More Details Emerge on Children’s Medicine Recall

The Wall Street Journal has published new details about McNeil Consumer Healthcare’s recent recall of <"http://www.yourlawyer.com/practice_areas/defective_drugs">over-the-counter children’s medicines. Much of what the Journal reports is disturbing.

On April 30, McNeil, a unit of Johnson & Johnson, recalled 43 varieties of Tylenol Infant Drops, Children’s Tylenol Suspensions, Children’s Tylenol Plus Suspensions, Motrin Infant Drops, Children’s Motrin Suspensions, Children’s Zyrtec Liquid in Bottles, and Children’s Benadryl Allergy Liquid in Bottles in the U.S. and 11 other countries. At the time, the company said some drugs might contain a higher concentration of active ingredient than is specified; others may contain inactive ingredients that may not meet internal testing requirements; and others may contain tiny particles.

The Wall Street Journal has obtained a copy of a letter McNeil sent to doctors and poison control centers on May 1 that provides more information about the recall. According to the letter, some samples of recalled infants’ Tylenol were found to contain as much as 24% more active ingredient than shown on the label.

McNeil maintained that none of the defective drugs had reached the marketplace. The letter also said that testing of other batches that had made it to market did not find any problems. But it also warned that the company couldn’t “confirm that all the individual bottles were within specification or that 24% would have been the maximum.”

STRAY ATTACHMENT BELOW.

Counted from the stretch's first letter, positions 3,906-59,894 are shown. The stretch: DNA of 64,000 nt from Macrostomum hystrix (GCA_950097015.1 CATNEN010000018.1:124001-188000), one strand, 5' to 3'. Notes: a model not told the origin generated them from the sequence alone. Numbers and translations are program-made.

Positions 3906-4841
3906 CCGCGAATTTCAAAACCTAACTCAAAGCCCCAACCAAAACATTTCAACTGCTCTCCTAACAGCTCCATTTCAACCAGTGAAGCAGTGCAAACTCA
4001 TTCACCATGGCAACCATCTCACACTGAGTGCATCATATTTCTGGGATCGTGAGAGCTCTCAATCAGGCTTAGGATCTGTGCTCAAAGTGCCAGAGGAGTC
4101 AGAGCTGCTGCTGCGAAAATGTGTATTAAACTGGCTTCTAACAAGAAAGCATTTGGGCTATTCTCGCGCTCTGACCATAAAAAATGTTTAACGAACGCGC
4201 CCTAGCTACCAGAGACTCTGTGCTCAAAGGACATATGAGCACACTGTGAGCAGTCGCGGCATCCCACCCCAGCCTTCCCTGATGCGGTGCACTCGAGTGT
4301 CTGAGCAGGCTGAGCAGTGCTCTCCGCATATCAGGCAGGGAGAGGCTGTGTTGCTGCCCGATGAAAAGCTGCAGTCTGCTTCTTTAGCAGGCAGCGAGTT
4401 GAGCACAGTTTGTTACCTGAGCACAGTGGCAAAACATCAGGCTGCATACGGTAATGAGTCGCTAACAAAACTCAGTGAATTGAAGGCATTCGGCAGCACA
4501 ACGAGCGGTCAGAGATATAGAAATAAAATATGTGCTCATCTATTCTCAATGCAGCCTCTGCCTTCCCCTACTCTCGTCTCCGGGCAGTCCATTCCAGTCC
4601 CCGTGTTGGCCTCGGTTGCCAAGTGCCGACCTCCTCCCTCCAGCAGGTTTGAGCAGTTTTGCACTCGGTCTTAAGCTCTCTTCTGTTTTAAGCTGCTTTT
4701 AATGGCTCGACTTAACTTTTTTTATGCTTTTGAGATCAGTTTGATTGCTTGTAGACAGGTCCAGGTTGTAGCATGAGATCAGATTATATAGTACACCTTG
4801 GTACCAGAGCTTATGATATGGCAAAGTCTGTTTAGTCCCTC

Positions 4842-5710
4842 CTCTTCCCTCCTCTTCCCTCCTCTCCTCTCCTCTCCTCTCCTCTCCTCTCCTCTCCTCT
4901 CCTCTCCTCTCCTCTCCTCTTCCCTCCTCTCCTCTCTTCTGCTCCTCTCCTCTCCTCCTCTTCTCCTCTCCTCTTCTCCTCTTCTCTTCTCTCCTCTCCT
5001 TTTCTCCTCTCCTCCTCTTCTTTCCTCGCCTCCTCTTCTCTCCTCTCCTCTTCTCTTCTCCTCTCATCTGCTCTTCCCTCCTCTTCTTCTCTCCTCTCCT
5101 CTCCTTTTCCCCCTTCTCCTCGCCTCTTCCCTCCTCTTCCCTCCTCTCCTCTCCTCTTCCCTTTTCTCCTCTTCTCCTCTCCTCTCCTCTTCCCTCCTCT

The Wall Street Journal is also reporting that McNeil accidently neglected to one include variety of Children’s Zyrtec to the recall. It wasn’t until May 5 that it informed its sales staff via email that the 1 milligram grape version of children’s Zyrtec had not been included, and directed staff to alert customers immediately of the need to take the bottles off store shelves. The omission was attributed to a clerical error, the Journal said.

The U.S. Food & Drug Administration (FDA) is investigating manufacturing procedures at the Fort Washington, PA manufacturing facility where the recalled medicines were made. It is also investigating McNeil’s manufacturing company wide. In addition to the Fort Washington facility, McNeil makes drugs at plants in Lancaster, PA, and Las Piedras, Puerto Rico.

Since the April 30 recall, the Fort Washington plant has been closed until McNeil can assure quality production.

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